Gay Travel Seeing Gains

Cities, hoteliers, agents moving to take advantage of growing lucrative market

By: Dennis McCafferty

In years past, the “family” market and the “gay’’ market were mutually exclusive for travel agents. But no more.

Today, the travel industry is opening up to gays, lesbians and bisexuals in ways that would have been considered taboo as recently as the 1990s.

“The world is changing, and probably the most noticeable change for the gay and lesbian market are cruises,” says Harlan Godes, owner of Los Angeles-based Travel Express (, a full-service, upscale travel agency serving the gay community.

A recent, major tour announced by celebrity Rosie O’Donnell’s R Family Vacations ( is one example of such a cruise. R Family has booked the entire Norwegian Dawn for a seven-day cruise departing July 11, 2004, and heading to both family- and gay-friendly spots in Florida and the Bahamas.

“This product is being funded by Ms. O’Donnell as a result of her coming out and vocally supporting gay-family initiatives,” Godes says. “We have had ‘Gay Ski Weeks’ in Aspen, Whistler and Lake Tahoe, and now more family-oriented and upscale resorts, like Telluride, are jumping on the bandwagon. They’re investing marketing dollars to create their own Ski Weeks in an attempt to attract the gay market. It is very fashionable and very smart business. And in a weakened economy, travel and tourism is more prone to breaking barriers in order to improve their revenue and increase traffic.”

Pricing for the R Family voyage starts at under $1,000, with a $199 fare for children under age 2. GOGO Worldwide Vacations ( is the sole travel wholesaler for the cruise.

All of this means that gays, more than ever, have more outlets to pursue when it comes to booking vacations or quick getaways, and agents are taking advantage.

Major U.S. cities which would once accommodate gay tourists, but quietly, out of fear of offending more-conservative travelers are now launching decidedly public campaigns to pronounce themselves as the gay-friendly town to visit.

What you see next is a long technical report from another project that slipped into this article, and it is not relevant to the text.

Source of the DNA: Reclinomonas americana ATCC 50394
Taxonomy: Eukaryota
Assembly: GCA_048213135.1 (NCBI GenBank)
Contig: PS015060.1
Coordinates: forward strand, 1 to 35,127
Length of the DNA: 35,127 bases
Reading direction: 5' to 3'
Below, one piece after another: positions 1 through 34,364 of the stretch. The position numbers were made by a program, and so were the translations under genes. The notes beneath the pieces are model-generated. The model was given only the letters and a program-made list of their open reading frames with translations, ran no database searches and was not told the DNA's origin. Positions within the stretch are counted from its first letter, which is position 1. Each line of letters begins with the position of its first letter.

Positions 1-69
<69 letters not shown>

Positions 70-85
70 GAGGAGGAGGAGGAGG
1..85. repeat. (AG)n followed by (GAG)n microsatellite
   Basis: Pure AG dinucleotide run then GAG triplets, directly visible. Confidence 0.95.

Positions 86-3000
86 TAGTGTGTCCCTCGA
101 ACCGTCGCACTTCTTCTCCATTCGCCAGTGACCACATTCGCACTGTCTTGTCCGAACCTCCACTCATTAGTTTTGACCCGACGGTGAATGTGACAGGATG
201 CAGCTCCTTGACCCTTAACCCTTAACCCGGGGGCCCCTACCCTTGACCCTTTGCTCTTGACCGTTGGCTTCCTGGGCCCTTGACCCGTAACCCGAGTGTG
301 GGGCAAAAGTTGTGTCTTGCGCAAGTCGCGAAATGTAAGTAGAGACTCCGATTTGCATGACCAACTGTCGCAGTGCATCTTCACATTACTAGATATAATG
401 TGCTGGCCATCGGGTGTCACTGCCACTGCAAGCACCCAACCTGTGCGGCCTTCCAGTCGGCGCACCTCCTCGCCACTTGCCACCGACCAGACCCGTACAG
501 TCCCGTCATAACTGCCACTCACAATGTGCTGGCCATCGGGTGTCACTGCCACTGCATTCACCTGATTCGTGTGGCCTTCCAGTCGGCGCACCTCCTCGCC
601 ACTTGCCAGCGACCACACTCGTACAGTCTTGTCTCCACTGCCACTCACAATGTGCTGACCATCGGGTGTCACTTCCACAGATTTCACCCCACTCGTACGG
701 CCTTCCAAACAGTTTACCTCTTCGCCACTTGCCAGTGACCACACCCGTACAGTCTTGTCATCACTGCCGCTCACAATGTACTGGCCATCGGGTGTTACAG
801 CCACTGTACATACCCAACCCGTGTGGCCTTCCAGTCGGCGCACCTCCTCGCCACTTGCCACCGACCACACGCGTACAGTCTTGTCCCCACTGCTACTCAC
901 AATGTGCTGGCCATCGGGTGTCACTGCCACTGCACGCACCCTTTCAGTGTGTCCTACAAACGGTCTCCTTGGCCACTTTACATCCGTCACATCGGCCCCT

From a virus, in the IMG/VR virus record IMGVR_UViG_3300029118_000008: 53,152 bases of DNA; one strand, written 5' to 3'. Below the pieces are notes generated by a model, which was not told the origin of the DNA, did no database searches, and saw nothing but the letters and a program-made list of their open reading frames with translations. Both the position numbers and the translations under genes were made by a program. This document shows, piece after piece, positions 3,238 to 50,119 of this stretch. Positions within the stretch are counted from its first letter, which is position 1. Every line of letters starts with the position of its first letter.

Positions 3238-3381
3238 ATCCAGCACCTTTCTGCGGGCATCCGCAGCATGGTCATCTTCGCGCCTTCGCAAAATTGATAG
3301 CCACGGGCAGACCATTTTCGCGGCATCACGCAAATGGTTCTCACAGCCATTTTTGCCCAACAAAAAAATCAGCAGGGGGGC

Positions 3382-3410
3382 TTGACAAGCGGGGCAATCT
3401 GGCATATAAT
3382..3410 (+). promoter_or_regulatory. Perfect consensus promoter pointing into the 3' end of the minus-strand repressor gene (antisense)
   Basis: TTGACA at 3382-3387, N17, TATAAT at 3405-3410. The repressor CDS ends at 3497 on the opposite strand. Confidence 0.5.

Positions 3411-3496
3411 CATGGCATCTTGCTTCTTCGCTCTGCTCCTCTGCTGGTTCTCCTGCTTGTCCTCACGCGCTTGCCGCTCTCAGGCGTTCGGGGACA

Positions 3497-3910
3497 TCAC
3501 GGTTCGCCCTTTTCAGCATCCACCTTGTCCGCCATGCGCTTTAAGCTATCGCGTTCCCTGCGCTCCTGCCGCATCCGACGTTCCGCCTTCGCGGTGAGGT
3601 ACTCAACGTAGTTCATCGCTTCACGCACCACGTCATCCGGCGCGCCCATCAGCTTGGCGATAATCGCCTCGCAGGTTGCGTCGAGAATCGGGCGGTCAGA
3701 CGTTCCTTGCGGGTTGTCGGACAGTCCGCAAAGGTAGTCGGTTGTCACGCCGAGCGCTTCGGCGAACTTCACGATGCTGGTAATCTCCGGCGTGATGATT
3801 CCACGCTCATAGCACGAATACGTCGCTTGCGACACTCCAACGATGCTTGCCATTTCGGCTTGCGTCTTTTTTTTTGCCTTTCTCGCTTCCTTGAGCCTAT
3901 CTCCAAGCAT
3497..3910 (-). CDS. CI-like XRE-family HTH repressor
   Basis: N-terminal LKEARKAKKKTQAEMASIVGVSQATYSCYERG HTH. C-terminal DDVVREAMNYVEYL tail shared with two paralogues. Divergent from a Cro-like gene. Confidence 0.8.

Hotels and resorts are providing gay-sensitivity training to employees.

Companies known for being relatively “buttoned down” are forming partnerships with gay-travel companies to land a stake in the business.

And agents are finding more and more “niches within the niche” to offer to their gay clientele.

“Diversity within the market is key now,” says Thomas Roth, founder and president of San Francisco-based Community Marketing Inc. (, which helps the travel industry reach and serve gay/lesbian/ bisexual customers.

“It used to be just the gay market. Then it was the gay/lesbian markets they realized the preferences of the gay man were different than that of the lesbian woman’s. Now, we’re seeing all kinds of shades of gray when it comes to marketing,” Roth says.

The latest numbers demonstrate that this travel-market niche is only getting more valuable. In a recent survey, Cambridge, Mass.-based Forrester Research Inc. (, found that gay, lesbian and bisexual travelers reported they spend an average of $2,262 a year for leisure trips compared to just $1,815 for straight leisure travelers.

Gay, lesbian and bisexual travelers also averaged 4.9 leisure trips a year, or 11 percent more than heterosexual travelers.